1. The <span xmlns="http://www.w3.org/1999/xhtml" xmlns:epub="http://www.idpf.org/2007/ops" xmlns:m="http://www.w3.org/1998/Math/MathML" xmlns:pls="http://www.w3.org/2005/01/pronunciation-lexicon" xmlns:ssml="http://www.w3.org/2001/10/synthesis" xmlns:svg="http://www.w3.org/2000/svg" class="underline">FIRST</span> 350 tickets are always free! 350 tickets are always free!
    11. But... what about the <span xmlns="http://www.w3.org/1999/xhtml" xmlns:epub="http://www.idpf.org/2007/ops" xmlns:m="http://www.w3.org/1998/Math/MathML" xmlns:pls="http://www.w3.org/2005/01/pronunciation-lexicon" xmlns:ssml="http://www.w3.org/2001/10/synthesis" xmlns:svg="http://www.w3.org/2000/svg" class="underline">REST</span> of the tickets? of the tickets?
      1. One function, two parts = real life
    12. Use the function piece you <span xmlns="http://www.w3.org/1999/xhtml" xmlns:epub="http://www.idpf.org/2007/ops" xmlns:m="http://www.w3.org/1998/Math/MathML" xmlns:pls="http://www.w3.org/2005/01/pronunciation-lexicon" xmlns:ssml="http://www.w3.org/2001/10/synthesis" xmlns:svg="http://www.w3.org/2000/svg" class="underline">NEED</span>
      1. To evaluate a piecewise function
      2. Graph piecewise functions just like “normal” functions!
    13. The numbers are in... and?
    14. Pajama Death’s show was a hit!
    15. Tools for your Algebra Toolbox
  16. 11. Real-World Algebra: Solve the world’s problems
    1. Calculate interest from your interest rate and the principle amount you’re borrowing
      1. Now <span xmlns="http://www.w3.org/1999/xhtml" xmlns:epub="http://www.idpf.org/2007/ops" xmlns:m="http://www.w3.org/1998/Math/MathML" xmlns:pls="http://www.w3.org/2005/01/pronunciation-lexicon" xmlns:ssml="http://www.w3.org/2001/10/synthesis" xmlns:svg="http://www.w3.org/2000/svg" class="underline">SUBSTITUTE</span> to figure out Max&#8217;s monthly payment to figure out Max’s monthly payment
    2. Max doesn’t own that car just yet...
      1. Depreciation is a sad fact of life
      2. But the bank still gets their money
    3. You don’t need to <span xmlns="http://www.w3.org/1999/xhtml" xmlns:epub="http://www.idpf.org/2007/ops" xmlns:m="http://www.w3.org/1998/Math/MathML" xmlns:pls="http://www.w3.org/2005/01/pronunciation-lexicon" xmlns:ssml="http://www.w3.org/2001/10/synthesis" xmlns:svg="http://www.w3.org/2000/svg" class="underline">GUESS</span> with Algebra with Algebra
      1. ... but remember to keep the context of the problem in mind
    4. Max plans to pay you to be his financial planner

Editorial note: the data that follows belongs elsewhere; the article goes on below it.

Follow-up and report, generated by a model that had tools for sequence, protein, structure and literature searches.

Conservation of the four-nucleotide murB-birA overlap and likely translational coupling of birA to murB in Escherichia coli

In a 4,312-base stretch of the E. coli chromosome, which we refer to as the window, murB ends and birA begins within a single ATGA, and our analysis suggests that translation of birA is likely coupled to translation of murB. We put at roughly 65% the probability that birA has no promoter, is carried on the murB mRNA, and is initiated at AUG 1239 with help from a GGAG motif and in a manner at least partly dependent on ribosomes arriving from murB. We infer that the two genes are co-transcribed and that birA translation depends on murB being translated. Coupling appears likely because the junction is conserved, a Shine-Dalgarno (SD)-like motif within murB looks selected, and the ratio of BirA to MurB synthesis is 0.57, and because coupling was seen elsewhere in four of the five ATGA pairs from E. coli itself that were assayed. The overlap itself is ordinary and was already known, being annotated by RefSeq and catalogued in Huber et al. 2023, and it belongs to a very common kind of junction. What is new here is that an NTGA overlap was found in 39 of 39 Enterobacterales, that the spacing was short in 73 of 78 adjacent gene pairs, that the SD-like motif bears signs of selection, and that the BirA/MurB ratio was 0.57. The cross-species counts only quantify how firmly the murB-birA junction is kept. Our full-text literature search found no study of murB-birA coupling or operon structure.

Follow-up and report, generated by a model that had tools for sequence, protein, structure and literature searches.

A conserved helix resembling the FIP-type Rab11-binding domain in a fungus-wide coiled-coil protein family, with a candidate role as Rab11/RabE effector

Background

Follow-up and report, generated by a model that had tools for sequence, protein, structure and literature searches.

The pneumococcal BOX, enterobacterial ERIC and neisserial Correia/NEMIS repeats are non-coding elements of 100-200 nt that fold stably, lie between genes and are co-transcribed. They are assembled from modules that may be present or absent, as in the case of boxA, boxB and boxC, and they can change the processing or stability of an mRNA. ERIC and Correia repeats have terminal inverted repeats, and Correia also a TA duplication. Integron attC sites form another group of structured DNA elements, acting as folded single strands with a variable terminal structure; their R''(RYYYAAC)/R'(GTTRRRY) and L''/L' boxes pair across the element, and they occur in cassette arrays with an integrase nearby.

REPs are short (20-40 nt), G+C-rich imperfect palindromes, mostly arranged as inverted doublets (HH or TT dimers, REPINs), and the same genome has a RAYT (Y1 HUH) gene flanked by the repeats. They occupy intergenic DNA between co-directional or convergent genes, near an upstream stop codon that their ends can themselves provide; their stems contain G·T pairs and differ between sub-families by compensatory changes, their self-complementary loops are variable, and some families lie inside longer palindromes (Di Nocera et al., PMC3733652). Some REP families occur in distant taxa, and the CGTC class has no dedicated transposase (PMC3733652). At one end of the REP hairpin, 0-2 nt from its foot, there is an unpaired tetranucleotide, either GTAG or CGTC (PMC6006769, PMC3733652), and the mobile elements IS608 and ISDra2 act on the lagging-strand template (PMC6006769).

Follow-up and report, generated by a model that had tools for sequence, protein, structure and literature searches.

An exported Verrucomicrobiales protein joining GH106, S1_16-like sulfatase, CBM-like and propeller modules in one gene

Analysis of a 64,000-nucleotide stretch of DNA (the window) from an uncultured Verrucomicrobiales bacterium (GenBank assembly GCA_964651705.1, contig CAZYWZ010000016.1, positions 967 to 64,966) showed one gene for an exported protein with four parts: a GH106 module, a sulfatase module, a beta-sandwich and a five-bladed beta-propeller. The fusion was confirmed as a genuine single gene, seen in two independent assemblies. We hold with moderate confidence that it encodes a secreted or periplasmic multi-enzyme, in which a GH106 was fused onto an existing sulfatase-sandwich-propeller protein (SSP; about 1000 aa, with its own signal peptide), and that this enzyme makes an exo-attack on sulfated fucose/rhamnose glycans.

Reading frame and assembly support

17. A. Leftovers: The Top Five Things (we didn’t cover)
    1. #1 Negative Exponents
    2. Working with negative exponents
      1. Negative exponents also give you flexibility
    3. #2 Table of values for graphing
    4. #3 Absolute value equations
    5. #4 Calculators
    6. #5 More practice, especially for factoring
  18. B. Pre-Algebra Review: Build on a solid foundation
    1. Algebra starts with numbers
    2. How do you work with negative numbers?
      1. The number line
    3. Addition and subtraction of integers
      1. Working with mixed integers
    4. Multiplication and division of integers
      1. The rules for integer signs - multiplication and division
    5. Absolute Value
    6. What absolute value means
    7. Number sets - all together
    8. The number sets
    9. Three ways to split things up
    10. Decimal’s Anatomy
      1. How decimals communicate
    11. Addition and subtraction with decimals
    12. Decimal multiplication
    13. Decimal division
      1. Let’s do some division!
    14. Decimal division training
    15. Special decimals
    16. You’re 100% right!
    17. Working with percents
      1. First let’s deal with sales tax...
    18. Fractions
      1. Fractions show parts of a whole
    19. Fraction multiplication
      1. Fraction division mixes numerators and denominators
    20. Improper fractions
      1. Divide to make an improper fraction proper
    21. More about improper fractions
    22. Invert a fraction to get its reciprocal
      1. Fraction division - option #2
    23. Adding and subtracting fractions
      1. You need a common denominator
    24. Equivalent fractions get you matching denominators
    25. Use the lowest common denominator for addition
    26. Fraction addition and subtraction training
    27. Dividing by one doesn’t change the value
    28. Reduce fractions by dividing by 1
    29. Factor trees can eliminate lots of little steps
      1. Pick out the prime factors
    30. Reduce fractions with the factor tree
    31. Putting it all together - fractions
      1. Converting from a fraction to a decimal
    32. Converting decimals to fractions
      1. Conversions everywhere
    33. Division by Zero doesn’t work
    34. Sometimes multiplication takes forever!
      1. Is there a shorter way?
    35. How quickly things spread...
    36. Why does all this matter?
  19. Index
  20. About the Authors
  21. Special Upgrade Offer
  22. Copyright